Dredging is getting the heave-ho from the White House and the ports are unhappy. Its woes have garnered the most attention, because of the lobbying power of the AAPA (American Association of Port Authorities), but it's not the only maritime activity that has suffered in the budget.
Far more concern should have been shown about the distinct lack of interest for short sea, with the funds for that sector being snatched away in the scavenging hunt to find money for job and export promotion, along with social services programs. From the pessimistic and doom-laden tone of reactions, one could be forgiven for assuming that short sea has been canceled altogether. "The Administration's budget request includes no funding for the America's Marine Highway Program, which Congress authorized last year and the Administration supported," says the AAPA.
In fact, the 2011 budget has given something of a ghostly nature to the program. Everyone is sure that it exists , but no one can identify it exactly, because funding mostly depends on the Recovery and Reinvestment Act—which politicians have inferred has $1.5 billion available, without making firm promises.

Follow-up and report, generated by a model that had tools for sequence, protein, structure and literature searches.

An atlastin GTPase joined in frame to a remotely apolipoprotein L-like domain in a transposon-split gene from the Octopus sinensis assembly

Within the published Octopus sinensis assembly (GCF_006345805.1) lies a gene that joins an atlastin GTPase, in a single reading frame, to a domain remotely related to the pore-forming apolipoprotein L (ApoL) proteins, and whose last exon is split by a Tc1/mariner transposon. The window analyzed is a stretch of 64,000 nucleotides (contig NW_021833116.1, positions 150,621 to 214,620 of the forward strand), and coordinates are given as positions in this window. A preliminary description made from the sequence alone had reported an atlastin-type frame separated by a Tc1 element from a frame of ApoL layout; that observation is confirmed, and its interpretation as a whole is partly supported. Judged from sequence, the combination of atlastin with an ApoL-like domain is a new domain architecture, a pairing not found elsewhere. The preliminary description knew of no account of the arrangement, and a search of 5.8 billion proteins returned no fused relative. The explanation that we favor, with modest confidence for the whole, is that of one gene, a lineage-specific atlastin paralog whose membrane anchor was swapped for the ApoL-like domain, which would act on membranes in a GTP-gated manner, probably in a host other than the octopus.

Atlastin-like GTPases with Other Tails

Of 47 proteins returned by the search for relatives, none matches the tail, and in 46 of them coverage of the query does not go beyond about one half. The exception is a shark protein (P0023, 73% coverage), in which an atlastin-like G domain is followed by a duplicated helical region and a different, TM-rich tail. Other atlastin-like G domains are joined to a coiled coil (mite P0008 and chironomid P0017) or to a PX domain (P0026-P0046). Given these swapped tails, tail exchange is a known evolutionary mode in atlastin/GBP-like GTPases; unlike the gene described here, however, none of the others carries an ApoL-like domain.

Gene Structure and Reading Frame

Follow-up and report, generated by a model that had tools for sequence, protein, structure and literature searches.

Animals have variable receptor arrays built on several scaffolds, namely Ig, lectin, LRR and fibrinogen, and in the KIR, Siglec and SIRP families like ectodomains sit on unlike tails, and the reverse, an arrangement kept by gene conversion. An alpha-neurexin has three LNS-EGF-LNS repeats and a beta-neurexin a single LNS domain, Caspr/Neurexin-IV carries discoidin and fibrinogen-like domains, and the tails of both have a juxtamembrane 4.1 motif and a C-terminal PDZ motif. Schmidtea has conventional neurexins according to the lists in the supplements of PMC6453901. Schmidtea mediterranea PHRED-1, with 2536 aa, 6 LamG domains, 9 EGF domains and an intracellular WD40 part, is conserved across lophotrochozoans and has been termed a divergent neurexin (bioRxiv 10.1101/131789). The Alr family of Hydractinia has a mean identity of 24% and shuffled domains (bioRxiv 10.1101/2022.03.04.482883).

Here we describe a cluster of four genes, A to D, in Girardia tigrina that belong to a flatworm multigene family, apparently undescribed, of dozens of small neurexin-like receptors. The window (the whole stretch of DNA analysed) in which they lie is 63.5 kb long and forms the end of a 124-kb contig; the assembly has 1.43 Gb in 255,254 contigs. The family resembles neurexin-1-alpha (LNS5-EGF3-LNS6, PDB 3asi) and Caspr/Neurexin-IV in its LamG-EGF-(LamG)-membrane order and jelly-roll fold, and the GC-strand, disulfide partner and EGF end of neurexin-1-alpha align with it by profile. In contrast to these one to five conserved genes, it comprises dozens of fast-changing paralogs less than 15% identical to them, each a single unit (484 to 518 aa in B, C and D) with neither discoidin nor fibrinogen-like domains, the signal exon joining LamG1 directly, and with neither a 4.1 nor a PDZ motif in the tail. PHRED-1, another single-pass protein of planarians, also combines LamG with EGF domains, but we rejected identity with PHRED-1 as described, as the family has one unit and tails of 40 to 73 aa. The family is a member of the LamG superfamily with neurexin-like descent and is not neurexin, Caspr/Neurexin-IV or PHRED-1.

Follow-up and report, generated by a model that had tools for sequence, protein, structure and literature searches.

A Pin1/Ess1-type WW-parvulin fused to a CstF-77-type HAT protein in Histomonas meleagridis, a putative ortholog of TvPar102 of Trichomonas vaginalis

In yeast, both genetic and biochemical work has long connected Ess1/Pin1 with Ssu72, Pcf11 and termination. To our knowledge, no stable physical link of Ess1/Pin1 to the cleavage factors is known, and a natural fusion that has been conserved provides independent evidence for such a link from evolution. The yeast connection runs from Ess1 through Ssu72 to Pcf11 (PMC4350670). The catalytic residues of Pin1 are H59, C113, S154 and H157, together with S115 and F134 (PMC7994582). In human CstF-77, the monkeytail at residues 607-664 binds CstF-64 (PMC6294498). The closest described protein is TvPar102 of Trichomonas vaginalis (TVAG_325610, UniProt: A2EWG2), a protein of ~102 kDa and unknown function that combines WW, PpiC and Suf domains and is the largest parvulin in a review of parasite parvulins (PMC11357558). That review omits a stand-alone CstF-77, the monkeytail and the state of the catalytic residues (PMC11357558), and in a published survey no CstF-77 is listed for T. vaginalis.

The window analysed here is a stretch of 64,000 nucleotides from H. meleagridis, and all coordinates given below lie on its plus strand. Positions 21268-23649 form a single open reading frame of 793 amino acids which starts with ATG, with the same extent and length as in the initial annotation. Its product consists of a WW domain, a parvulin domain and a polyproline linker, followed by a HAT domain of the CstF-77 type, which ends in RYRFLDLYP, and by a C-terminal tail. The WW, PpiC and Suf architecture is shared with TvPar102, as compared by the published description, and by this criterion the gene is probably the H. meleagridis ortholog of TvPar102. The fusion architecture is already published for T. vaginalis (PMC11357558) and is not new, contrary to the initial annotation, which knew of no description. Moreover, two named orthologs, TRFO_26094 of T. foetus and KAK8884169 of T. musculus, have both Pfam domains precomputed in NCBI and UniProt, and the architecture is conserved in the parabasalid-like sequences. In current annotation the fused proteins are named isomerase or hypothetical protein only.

Boosting short sea goes to the heart of the drive to create jobs and revive business for small and medium companies, which have been the main victims of the Great Recession. By its very nature, short sea uses smaller vessels and smaller boat yards, many of which are struggling to stay alive.
As for dredging, there is rather more than most people realize. The Army Corps of Engineers is getting a haircut in the form of a 10 percent reduction in civil works appropriations, which includes deep-draft harbor maintenance. Also, $760 million is being taken from the euphemistically named Harbor Maintenance Trust Fund (in effect a tax on foreign goods, which has long riled other nations), equal to 4 percent of the previously announced amount.
So, there is still a fair sum left.
Nonetheless, port authorities are again becoming painfully aware that federal money is getting scarcer every year for new ventures.
In contrast, security can rest assured that its needs are always looked after. (Some might say sometimes too well looked after -- just about every port that gets a new dollop of cash finds it essential to build a "command and control" station that can rival port head offices in size.)
And with this awareness comes the realization that public/private partnerships are the way to go (as San Francisco Bay ports have done with their barge proposals). Washington is increasingly being left out of strategic planning, to the point where federal help is seen as an unexpected bonus and not something to be counted on any more.